You must play with picks to get that characteristic bluegrass plucking sound. The clawhammer style is actually playing with the back of your index or middle finger nail. Dixieland and/or Irish banjo uses a guitar pick. I've never heard of any other banjo style that's played with your finger tips alone, like you would with a base.

u/CombTheDessert · 2 pointsr/ukulele
u/pixiepurls · 2 pointsr/ukulele

Makala Dolphin. The internet agrees its the best cheap uke out there, even better if you can have it properly "setup" or buy it form someone who sets them up.

Other best bet rom my personal internet research, --> Kala. Reliable. Super reliable. Again, find someone who will set it up for you.


u/Barricade9007 · 2 pointsr/Random_Acts_Of_Amazon

banjo i always wanted one someday ill get it when ever i have extra money

u/ItsACharlieDay · 2 pointsr/Random_Acts_Of_Amazon

I personally like this red burst ukulele with the subtle dolphin bridge. Really brings it all together for me. Then I also stumbled upon this tropical treasure.. All this talk of ukes make me think of Stitch so here is a video.

Oh and an add on under $5 I've been really wanting.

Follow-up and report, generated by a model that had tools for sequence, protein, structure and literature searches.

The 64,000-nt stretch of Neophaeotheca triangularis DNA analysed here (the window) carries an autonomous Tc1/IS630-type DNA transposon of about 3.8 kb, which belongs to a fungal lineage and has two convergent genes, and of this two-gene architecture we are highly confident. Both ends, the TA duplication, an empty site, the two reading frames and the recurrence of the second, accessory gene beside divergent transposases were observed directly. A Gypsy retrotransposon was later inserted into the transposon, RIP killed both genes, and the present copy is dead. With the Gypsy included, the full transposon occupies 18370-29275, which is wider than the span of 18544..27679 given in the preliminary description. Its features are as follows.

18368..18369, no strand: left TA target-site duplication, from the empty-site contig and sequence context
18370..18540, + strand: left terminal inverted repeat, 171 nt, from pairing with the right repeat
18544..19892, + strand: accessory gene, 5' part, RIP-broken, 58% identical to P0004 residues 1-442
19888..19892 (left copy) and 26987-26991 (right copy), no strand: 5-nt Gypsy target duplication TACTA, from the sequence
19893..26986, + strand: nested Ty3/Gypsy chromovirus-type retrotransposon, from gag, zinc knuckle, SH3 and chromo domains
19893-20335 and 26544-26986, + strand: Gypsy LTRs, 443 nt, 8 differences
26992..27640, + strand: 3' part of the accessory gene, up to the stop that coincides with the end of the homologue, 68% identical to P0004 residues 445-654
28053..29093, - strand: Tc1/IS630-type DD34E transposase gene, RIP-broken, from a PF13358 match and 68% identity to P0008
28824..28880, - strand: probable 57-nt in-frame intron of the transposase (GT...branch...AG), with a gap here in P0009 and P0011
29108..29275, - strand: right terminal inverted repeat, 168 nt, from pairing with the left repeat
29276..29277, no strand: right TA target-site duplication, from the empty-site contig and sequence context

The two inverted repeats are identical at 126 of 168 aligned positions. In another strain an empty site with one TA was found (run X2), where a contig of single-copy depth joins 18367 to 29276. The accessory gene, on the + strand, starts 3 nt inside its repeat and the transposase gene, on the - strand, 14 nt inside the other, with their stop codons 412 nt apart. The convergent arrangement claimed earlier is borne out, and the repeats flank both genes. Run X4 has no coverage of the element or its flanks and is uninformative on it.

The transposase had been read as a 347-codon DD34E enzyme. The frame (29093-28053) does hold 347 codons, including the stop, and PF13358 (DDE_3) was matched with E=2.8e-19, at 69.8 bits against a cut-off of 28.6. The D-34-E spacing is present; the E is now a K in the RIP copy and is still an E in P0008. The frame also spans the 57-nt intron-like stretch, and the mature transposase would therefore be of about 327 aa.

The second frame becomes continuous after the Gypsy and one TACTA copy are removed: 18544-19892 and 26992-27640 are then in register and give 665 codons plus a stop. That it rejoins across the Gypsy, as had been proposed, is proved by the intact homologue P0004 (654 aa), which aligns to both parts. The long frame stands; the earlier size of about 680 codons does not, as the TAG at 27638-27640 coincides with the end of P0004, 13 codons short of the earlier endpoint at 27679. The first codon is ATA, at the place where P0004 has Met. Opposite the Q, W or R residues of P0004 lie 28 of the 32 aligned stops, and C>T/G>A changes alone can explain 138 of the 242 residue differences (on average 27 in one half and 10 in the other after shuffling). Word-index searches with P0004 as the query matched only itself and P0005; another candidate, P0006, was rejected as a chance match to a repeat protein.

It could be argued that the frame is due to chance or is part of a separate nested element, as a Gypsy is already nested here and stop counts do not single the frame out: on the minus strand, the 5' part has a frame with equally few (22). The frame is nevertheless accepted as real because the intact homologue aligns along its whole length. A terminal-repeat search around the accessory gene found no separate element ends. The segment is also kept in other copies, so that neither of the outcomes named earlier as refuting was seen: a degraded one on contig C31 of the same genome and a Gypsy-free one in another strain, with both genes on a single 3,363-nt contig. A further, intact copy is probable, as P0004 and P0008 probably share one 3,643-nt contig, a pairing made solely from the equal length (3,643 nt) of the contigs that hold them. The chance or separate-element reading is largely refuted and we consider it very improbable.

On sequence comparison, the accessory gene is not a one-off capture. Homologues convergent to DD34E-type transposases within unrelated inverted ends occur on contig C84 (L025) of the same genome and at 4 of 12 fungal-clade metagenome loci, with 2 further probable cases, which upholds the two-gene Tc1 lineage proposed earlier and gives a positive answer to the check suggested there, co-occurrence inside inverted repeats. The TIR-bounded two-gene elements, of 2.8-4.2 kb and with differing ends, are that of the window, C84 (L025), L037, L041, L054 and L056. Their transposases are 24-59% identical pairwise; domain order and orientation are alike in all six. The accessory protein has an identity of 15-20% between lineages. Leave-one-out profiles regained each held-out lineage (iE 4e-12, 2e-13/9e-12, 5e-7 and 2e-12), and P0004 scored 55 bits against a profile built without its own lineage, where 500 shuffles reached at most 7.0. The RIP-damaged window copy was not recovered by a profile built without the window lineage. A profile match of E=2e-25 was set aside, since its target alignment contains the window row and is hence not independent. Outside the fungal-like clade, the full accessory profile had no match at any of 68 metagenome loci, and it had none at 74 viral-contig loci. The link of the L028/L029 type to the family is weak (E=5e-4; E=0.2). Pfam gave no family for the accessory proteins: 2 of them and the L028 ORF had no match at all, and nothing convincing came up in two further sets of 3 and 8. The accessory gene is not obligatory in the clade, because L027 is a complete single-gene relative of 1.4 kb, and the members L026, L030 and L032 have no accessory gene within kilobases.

u/MLein97 · 2 pointsr/Music

I would just go for it, I bought one on impulse purchase at a folk music store about a year ago and its fun to play around with when ever I get on a Bluegrass stint and want a sound that my guitars just won't give me. Plus you can get a decent starter one for around 50 like this one which seems like a popular starter one and decently rated one. I'm sure someone else will link a better starter one.

u/phisherben · 2 pointsr/ukulele

I went with this one, it was only 55 bucks, and I absolutely love it. Plus, if it gets beat up from camping and travelling, I'm only out 55 bucks. It sounds and plays rather well too.

u/goodnight-everybody · 2 pointsr/teenagers

Just so I know, have you ever played any other stringed instruments? (Guitar, bass, etc.)